Instead, try to give you and your partner the space you both need to learn and grow.

“Create the type of safe haven that they can bring back what they find about themselves, and ask for your partner to do the same for you,” Bailey said. “If the exploration scares you, make sure you have a place to voice those fears without shutting down your partner(s)’ exploration.”

“If your partner is trying to shut down your exploration, reassure them that exploration does not mean the end of the relationship,” they said. “One of my favorite lines from one of my clients was: ‘It felt like we were falling apart, but we were actually falling into place.’”

Not making time for regular check-ins

Not carving out time for regular check-ins is a common mistake that long-term couples make.

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Not carving out time for regular check-ins is a common mistake that long-term couples make.

It’s easy for married couples to become two ships passing in the night, each so preoccupied by their own personal to-do lists, worries and distractions that they rarely have a moment of true connection. But when you fail to take each other’s “emotional pulse on a near-daily basis,” it has a way of widening the distance between you, said Los Angeles-based couples therapist David Narang.

“This leaves you isolated from each other, and more vulnerable to more intense conflict and also to possible betrayals,” he told HuffPost.

Narang suggests spending 15 to 20 minutes each night talking about the events of the day and, more importantly, getting into the “emotional impact of those events — e.g. joy, stress, fear or sadness — on each partner.” Ask questions so you can really understand where your partner is coming from.

“When we feel known by our partner, we are getting the closeness we need, and so we are spontaneously more likely to protect our couple,” Narang said.

“This protection means, for example, that when there is a conflict, we are more likely to contain it rather than to send it off the rails,” he said. “This protection also extends to strengthening our resolve to avoid betraying our partner, both because we specifically want to avoid hurting our spouse due to the feelings of closeness, and because it is now difficult for another acquaintance to look as appealing as one’s partner.”

Putting yourself last

You’re probably familiar with the airplane oxygen mask analogy: You must put on your own mask first before you’re able to help others. This line of thinking applies to marriage, too, Saunders said. You can’t be a great partner if you’re constantly putting other people’s needs before your own.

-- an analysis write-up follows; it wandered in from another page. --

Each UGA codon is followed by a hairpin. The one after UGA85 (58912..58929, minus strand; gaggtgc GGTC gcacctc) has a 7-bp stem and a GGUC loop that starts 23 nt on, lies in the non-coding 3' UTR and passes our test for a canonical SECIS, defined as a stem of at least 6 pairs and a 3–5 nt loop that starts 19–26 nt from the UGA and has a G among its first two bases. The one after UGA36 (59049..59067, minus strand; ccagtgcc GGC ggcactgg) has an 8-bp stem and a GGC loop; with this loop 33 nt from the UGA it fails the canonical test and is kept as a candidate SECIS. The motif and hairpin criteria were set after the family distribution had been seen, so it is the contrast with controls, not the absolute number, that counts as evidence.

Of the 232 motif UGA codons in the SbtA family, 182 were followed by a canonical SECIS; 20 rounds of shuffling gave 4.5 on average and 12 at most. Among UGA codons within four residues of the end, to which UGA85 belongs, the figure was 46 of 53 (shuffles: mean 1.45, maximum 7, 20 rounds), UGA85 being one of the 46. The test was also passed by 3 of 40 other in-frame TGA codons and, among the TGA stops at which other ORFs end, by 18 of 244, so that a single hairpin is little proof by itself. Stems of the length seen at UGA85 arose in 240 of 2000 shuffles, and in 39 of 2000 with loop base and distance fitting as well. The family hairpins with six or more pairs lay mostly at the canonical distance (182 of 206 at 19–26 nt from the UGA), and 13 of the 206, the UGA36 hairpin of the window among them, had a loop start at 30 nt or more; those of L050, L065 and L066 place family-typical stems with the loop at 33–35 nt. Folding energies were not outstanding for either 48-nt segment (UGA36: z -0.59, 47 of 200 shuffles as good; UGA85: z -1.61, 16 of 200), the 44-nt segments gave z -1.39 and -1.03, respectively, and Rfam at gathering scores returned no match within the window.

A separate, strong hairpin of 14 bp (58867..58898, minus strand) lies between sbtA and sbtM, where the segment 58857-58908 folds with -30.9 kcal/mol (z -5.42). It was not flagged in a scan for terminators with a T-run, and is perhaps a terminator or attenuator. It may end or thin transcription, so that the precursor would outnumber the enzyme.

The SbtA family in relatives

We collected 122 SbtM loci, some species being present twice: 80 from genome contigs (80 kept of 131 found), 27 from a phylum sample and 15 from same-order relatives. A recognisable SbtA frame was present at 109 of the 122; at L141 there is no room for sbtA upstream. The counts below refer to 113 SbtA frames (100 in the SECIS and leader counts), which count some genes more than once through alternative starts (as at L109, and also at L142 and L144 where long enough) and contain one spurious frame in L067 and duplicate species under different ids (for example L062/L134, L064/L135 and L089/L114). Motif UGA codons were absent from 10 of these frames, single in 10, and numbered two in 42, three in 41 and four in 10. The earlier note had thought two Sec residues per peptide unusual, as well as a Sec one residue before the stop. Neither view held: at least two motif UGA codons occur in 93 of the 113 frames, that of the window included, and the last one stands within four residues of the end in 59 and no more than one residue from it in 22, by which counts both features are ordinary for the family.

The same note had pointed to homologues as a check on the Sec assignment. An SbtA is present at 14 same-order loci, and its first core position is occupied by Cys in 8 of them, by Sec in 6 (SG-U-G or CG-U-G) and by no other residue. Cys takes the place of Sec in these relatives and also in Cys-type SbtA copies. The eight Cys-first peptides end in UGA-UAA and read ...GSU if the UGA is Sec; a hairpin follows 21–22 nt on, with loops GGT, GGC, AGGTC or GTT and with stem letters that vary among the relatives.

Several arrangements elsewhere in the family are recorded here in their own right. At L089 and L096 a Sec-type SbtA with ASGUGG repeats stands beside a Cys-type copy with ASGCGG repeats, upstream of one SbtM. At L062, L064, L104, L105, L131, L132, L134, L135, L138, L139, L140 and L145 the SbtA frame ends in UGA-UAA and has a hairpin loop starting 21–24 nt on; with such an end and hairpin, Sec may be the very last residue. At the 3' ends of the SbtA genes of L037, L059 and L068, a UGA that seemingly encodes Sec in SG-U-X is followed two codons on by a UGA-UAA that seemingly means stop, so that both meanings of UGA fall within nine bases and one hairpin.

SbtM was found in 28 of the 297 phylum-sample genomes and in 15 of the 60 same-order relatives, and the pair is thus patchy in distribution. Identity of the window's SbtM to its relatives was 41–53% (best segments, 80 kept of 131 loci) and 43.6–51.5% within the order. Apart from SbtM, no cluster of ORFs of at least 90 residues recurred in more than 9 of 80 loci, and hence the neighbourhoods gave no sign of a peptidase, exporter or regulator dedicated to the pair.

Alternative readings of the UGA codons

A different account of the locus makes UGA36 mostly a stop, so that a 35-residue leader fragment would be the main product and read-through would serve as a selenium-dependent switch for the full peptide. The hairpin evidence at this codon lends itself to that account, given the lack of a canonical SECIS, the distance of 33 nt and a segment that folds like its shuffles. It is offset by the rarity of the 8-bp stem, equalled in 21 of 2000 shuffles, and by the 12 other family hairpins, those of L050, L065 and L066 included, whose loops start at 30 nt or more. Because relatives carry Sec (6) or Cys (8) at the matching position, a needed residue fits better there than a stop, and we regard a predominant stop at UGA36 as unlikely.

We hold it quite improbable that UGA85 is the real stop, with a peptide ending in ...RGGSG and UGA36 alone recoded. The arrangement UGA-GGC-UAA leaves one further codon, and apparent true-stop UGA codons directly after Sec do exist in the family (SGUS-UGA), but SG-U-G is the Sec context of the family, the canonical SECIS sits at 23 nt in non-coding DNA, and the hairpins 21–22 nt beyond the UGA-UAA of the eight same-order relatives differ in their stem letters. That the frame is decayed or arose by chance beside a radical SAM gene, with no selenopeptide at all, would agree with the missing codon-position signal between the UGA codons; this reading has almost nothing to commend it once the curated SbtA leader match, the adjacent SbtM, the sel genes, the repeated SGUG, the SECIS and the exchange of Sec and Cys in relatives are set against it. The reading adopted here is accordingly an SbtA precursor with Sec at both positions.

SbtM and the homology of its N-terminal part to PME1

“I find that people who are unwilling to talk about their relationship, warts and all, to their support networks are doing so at the expense of their happiness.”

– Lauren Bailey, therapist

“If you hate your body, consistently put your personal aspirations aside, and disregard your emotional well-being, it becomes challenging to be your best self within the relationship,” Saunders said. “Reserving time each day for self-care promotes self-confidence, a positive outlook and overall happiness. Infusing the relationship with this energy on a daily basis immediately improves the dynamic.”

Blaming your partner for your unhappiness

As a marriage and family therapist, Makepeace often sees clients who believe that their partner’s actions or inactions are the reason they themselves are unhappy.

“Although unintentional, spouses can channel the disappointment in their lives into anger towards their partner, or use them as a scapegoat for their own failings,” she said.

“We are sometimes deeply affected by the actions of our partners,” she said. “But just as with all other relationships, we can only control our own actions.”

Remember that we are each responsible for our own happiness. Shifting your thinking here can help soften feelings of anger and dissatisfaction “and make both members of the couple more empowered to work towards their own joy,” Makepeace said.

Not asking for help or support

One of the biggest threats to happiness in long-term relationships is the belief that you and your partner “can get through your whole lives just relying on each other, especially in times of turmoil in the relationship,” Bailey said.

It’s a show of strength — not weakness — to lean on others for emotional support when you need it.

“It might sound self-serving as a therapist to say to ‘get a therapist,’ but trust and believe that your relational counselor is also in therapy and talking about their relationships,” Bailey said. “No one is an island.”

Bailey said their clients have also had success in support groups within their communities and from their inner circles.

“I find that people who are unwilling to talk about their relationship, warts and all, to their support networks are doing so at the expense of their happiness,” Bailey said. “Your support network is not there to judge your partner, but rather to support you. Let them be there for you. It can make a world of difference.”